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Ice Cold: Trentemøller Steps Out

"Making The Last Resort (Poker Flat) was a very personal thing for me," asserts Anders Trentemøller of his debut long-player. "It was like therapy. The music on the album reflects my life, my thoughts, my needs, my insecurities, my longings. It was a very lonely process."

This loneliness is hard to reconcile with Trentemøller's discography of techno and tech-house bangers, which includes a gaggle of tracks for imprints like Naked, Tic Tac Toe, and Cassagrande, as well as astounding remixes for the likes of Röyksopp, Unai, The Knife, and Mathias Schaffhauser. Trentemøller dances to beat of his own drummer, literally–"If you can't dance to the music you do, it's not good enough," he states–but he's equally ambivalent about the throbbing techno at which he excels (and with which he so frequently thrills). Trentemøller describes The Last Resort as explicitly "not for the dancefloor" and has even implied that he actually prefers rock to dance music, maintaining that the latter has a limited emotional palette.

"Let's face it: Dance music is made for the dancefloors to make people dance," says the youthful Dane, who name-checks Mazzy Star, M. Ward, The Smiths, The Cure, Radiohead, and Slowdive as influences. "Nothing wrong with that but, as far as I see it, if you want music that goes a little deeper, you have to turn to other genres. Do you put a dance track on when your girlfriend has just left you?"

The Last Resort isn't actually an out-and-out rejection of the dancefloor, but it plays like a lovely dance album that's had much of its euphoria sapped by long, cold, Nordic nights. "I don't think that living in Copenhagen has a particular impact on me–maybe more the whole Nordic vibe, the nature here in Denmark and Sweden," explains Trentemøller. "It's a vibe or feeling that is hard to describe but there is a certain melancholic mood to most old Nordic folk music that I like; [and to] the big open spaces and the often violently stormy and rainy weather. I hope you can hear some of that atmosphere in The Last Resort."

The Last Resort is accompanied by a bonus CD of Trentemøller's singles for Poker Flat and Audiomatique, the most gripping of which are collaborations with Berlin-based Brit Richard Davis on vocals. Davis–a sometime-Swayzak vocalist–frequently evokes Underworld, but in his work with Trentemøller he inverts that group's voyeurism and last-train-home rapture into introspection and melancholia. For example, his vocal take of "Always Something Better" is adorable, yet seethes with the resentment and umbrage of a recently defunct relationship.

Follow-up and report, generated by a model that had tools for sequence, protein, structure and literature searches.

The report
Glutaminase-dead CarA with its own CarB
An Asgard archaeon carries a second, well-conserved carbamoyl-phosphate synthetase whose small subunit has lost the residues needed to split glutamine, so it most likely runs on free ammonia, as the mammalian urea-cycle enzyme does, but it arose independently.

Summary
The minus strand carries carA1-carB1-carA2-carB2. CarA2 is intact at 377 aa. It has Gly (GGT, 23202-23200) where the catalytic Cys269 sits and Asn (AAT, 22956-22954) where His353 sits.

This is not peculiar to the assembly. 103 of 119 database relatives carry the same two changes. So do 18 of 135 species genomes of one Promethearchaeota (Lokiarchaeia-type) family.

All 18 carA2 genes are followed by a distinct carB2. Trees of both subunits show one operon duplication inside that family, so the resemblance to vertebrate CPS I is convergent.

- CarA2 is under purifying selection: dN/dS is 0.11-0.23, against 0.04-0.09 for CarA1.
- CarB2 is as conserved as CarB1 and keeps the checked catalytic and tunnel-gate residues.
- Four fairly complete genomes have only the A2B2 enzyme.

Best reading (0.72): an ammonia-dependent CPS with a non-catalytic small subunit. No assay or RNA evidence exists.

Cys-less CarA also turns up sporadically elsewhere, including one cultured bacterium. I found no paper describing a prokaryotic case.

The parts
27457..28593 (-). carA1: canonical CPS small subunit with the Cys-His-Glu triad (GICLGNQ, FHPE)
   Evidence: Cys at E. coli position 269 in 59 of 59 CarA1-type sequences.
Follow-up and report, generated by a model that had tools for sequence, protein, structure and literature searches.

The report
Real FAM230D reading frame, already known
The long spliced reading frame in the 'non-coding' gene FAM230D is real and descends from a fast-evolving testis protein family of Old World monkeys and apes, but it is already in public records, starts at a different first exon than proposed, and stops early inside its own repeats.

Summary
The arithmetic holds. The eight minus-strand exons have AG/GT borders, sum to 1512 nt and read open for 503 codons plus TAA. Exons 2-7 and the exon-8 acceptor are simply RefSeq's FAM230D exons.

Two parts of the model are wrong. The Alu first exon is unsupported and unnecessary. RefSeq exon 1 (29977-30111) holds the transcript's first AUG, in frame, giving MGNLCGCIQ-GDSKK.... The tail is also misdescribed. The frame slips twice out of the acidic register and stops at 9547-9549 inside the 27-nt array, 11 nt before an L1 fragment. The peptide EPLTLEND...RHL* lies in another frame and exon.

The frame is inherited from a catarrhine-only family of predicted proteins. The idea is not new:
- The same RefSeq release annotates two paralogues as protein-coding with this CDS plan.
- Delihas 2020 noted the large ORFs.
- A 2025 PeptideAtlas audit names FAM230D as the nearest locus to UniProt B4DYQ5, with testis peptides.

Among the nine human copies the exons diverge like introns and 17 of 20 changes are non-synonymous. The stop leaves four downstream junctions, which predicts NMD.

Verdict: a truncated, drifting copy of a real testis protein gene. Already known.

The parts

"The tracks were really complex, and getting my head around the melodies and structures was quite tricky," says Davis of the collaboration, which happened almost entirely over email. "I suppose [I came] to the conclusion that I was going to have to write something pretty interesting to make what was a great instrumental track into a great song. The music was already carrying a lot of emotion. It was really dramatic stuff and I felt it was necessary to try and get a sense of drama in the singing and the lyrics."

This drama–mixed with the aforementioned Nordic cool–combines to create a record that, at its most removed from the disco, recalls Icelandic atmospherists Sigur Rós. "I didn't know the band but now I've heard their albums and I can hear that we have some of the same sound picture," admits Trentemøller. "So now''m actually really into the music they do. It's funny. Maybe it's the Nordic vibe... again."


Of Sound Mind
Trentemøller talks music technology.

XLR8R: What piece of technology has had the most impact on your music?

AT: No doubt, my sequencing program: Acid Pro 6.0. I make all my music in that program and in Sound Forge. Acid Pro is so logical and very easy to use.

If money were no object, what piece of music-making equipment would you buy?

Making good music is not at all about having the money to buy the newest gear. It's all about having good ears and trusting them. I would still choose Acid! Now it sounds like I'm sponsored [by them].

Talk us through the making of a track.

It varies. Mostly, it starts with a vibe or feeling I have. I sit down with a simple melodic instrument, like a piano, and try to capture that feeling in a melody or atmospheric groove. Then I program the basic drums and bass, and I just go from there and see where the music takes me. I have many ways of trying to reach what I have inside my head and often it ends up very differently than expected.

Do you have a particular m. o. when creating remixes?

A remix is not as personal as a track of your own but I don't have a particular way of doing remixes. I always look [for] a good melody in the original–it can be the lead vocal of course, [or] a synth theme–then I basically start all over again and build up a brand new track. Sometimes I do several versions before I'm satisfied. With my remix of Röyksopp's "What Else Is There?" I made seven totally different versions before I came up with the final remix. I have to be 100% satisfied myself before I deliver a mix.

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